Warning: This blog's gets name-droppy in places. But seriously, how else do you write about readings but by dropping some names? Is it also cranky? Yes. I've sat through a hell of a lot of readings in my life. I've earned the right to cranky.
Let's admit it as a collective culture: Readings can be deadly -- not literal deaths, no, because that would be interesting, morbid but gripping. I mean readings can be deathly dull. I mean held-hostage, no-end-in-sight cage of dullness. And usually the chairs are hard, the acoustics poor, the highway noise and/or ambient espresso chugging doggedly away in the background, the heating and/or AC busted -- rarely is boozed served before and during.
(Booze should always be served before and during.)
Here's the thing that anyone who's been to a few readings knows: Writers can't be trusted with a mic. There's something about the solitude of writing, of that voice bouncing lonesomely around in the head, that makes them love a mic -- the voice let loose and amplified in the world, finally others! As a result, they lose their faculties -- in particular the ability to gauge the passage of time.
Let me be clear -- a minute a page is not true. For a screenplay, maybe. For a tiny poem, not read in the labored utterance of an extremely old pope with NO intro on its inspiration and/or nostalgia for your childhood rickshaw business -- maybe. For prose, double-spaced, courier even, no. No. It's NOT one minute. Time it, I beg you.
So here are three stories. They involve: William Giraldi, Steve Almond, Jonathan Ames, an Irish poet, and Lewis Nordan.
Story #1. I arrive for a reading at Sanibel Writers Conference with William Giraldi, Steve Almond, and me. Three people, one reading, all prose writers = too many writers to be trusted with a mic.
Almond says, "Julianna, look, Giraldi's showed up with 20 pages to read."
I say, "What?"
He says, "20 pages. He's going to read forever."
I say, "I'll talk to him."
I find Giraldi -- now Giraldi is a genius, nickname of Closey because he talks too close to your face, but he wears scarves sometimes and eats apples and flirts ridiculously with the local NPR people etc ... If you're going to a conference and Giraldi's on the ticket, you're all good. He's part Julie Macoy part James Dean part I dunno Faulkner or something ... (His first novel is coming out and I already linked to it above BUSY MONSTERS -- and Giraldi is a very busy monster, whom I love with all my heart.)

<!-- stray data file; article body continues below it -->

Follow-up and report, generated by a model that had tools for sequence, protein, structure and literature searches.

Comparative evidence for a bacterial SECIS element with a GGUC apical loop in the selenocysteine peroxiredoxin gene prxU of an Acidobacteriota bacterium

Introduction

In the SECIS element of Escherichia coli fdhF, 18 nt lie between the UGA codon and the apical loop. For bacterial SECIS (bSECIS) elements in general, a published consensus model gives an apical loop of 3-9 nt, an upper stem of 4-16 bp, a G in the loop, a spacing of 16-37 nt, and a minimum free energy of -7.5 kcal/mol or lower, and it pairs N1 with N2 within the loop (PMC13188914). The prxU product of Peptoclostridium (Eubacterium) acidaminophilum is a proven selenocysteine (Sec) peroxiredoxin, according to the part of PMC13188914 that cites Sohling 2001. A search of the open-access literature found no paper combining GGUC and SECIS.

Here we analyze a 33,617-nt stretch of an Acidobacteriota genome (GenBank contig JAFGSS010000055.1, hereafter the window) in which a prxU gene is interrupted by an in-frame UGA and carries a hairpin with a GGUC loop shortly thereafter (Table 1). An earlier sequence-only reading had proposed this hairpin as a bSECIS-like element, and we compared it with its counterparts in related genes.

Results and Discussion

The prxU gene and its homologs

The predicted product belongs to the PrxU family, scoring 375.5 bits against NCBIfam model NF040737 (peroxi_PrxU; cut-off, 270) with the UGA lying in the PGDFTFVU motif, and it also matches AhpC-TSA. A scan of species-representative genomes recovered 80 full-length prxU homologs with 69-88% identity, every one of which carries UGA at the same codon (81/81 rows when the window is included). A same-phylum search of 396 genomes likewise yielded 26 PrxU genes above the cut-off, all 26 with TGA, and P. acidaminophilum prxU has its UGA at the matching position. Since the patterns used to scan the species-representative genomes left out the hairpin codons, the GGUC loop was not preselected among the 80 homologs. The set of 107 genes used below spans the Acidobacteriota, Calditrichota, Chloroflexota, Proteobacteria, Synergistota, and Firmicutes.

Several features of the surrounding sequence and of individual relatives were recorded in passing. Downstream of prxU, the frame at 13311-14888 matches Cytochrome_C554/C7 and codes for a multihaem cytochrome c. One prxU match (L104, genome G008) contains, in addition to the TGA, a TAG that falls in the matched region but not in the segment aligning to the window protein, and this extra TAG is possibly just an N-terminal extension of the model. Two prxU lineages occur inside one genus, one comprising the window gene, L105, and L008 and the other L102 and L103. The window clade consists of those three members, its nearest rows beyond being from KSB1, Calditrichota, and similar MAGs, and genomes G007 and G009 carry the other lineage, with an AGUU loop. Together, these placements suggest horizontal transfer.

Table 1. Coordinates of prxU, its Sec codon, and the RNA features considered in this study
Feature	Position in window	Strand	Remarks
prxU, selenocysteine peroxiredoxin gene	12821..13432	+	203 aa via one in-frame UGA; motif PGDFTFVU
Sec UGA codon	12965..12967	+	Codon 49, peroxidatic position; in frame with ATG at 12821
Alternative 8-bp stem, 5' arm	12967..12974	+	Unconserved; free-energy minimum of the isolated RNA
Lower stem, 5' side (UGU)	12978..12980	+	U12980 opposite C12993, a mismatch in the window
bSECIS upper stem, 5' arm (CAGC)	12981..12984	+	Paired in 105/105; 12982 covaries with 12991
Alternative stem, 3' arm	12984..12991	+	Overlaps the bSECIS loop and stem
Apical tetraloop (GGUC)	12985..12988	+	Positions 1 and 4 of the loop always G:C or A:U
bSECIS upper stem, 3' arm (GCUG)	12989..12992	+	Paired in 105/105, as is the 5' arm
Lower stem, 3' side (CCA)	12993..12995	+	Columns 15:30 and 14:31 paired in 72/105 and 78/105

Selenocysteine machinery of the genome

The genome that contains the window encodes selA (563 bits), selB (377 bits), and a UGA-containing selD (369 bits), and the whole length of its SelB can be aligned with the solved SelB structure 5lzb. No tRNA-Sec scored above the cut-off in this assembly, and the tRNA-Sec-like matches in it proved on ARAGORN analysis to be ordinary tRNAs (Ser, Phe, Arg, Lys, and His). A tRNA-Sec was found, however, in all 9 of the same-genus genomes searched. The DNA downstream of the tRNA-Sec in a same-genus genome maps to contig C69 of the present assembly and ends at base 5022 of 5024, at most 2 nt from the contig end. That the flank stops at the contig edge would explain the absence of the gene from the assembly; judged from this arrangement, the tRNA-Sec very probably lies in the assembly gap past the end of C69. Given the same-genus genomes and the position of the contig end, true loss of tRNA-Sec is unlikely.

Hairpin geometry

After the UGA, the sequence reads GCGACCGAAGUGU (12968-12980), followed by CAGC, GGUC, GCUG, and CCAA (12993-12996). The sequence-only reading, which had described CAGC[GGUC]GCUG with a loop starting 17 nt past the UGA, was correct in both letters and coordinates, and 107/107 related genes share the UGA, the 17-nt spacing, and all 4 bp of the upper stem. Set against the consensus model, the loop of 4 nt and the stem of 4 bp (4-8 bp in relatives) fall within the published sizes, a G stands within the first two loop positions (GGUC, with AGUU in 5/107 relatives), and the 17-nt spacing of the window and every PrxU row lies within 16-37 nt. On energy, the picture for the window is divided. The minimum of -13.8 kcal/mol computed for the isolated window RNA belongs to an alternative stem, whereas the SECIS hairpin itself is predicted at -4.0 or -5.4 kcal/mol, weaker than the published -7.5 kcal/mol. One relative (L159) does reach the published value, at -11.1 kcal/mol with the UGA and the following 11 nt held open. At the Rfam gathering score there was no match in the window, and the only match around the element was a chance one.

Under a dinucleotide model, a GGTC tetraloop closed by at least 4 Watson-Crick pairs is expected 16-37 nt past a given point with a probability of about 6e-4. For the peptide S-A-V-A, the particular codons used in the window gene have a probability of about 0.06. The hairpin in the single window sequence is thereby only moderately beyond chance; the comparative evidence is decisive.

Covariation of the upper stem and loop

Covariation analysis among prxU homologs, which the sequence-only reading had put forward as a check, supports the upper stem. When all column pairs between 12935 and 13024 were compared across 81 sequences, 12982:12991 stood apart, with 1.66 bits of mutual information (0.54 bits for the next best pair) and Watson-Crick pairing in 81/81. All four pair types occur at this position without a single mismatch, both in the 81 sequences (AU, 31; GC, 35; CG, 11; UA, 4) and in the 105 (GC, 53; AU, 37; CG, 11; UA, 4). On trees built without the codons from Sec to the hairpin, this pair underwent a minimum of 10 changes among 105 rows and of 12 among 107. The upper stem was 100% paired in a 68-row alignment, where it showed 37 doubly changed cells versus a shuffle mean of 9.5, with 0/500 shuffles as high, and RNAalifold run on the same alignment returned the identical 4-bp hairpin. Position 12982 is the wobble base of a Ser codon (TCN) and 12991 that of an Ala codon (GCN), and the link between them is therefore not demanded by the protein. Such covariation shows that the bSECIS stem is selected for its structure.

So I walk up to Giraldi and I say, "Don't be the asshole." I don't really know him at this point, I should mention that. We've only just met that afternoon, briefly.
He's like, "What?"
I say, "Almond says you've got like 20 pages to read. Don't be the asshole."
So we negotiate a proper amount and it's all good.
See, sometimes you've just got to be straight up. And Giraldi doesn't hate me, I don't think. At least not publicly. He still takes my calls.
Story #1 and a half
Jonathan Ames (aka Jonathan Ames, the lead character in BORED TO DEATH) also read at that conference. I believe you can tell Ames an exact 29 minutes and 47 seconds and he'd hit it on the dot. Upon getting to know Ames, this isn't the impression you'd naturally get -- you know, exactitude, but he's a pro. And extremely fit. We have a picture of him topless.
Story #2. In grad school I went to a reading by Lewis Nordan. He choked up at the end of the story. It shocked me. I can still remember that there was snow in the story and a teacher and maybe a blow to the head. I loved him for choking up. Afterward, he said that it surprised him. He knew the story well, had never choked up about it before, and then there he was. I go to each reading -- henceforthtowith -- awaiting the reader to cry. He ruined me.
Story #3. There was this Irish poet and if Dave was here, I'd say, "Dave, what's the name of that tic-y Irish poet who read here a while back?" And he'd say, "Blah blah." But look he's not here and I don't have time to go sifting through my stacks ... the guy's uber famous and Irish and not Seamus Heaney. (Dave has all of the Heaney stories -- and they are holy. There's is much worshipful talk here...)
So this Irish poet up there and reading and always looking over his shoulder. There's nothing back there. Only a wall. Not a curtain, no backstage. This is a bar with a riser, the end. But he keeps looking back. And this tick made the reading really cool. Because ... well, it made you think, and then in Ireland this summer, we heard all about all of the Troubles again, in vivid detail, and we thought Irish poets should always read that way. Earned it.
Okay ... Tomorrow I'm going to tell a story about the best reading I ever went to because the woman was super foul-mouthed and had a slight stutter...
Plus a list of people NEVER to sit next to in a reading -- types and specifics ...
More to come ...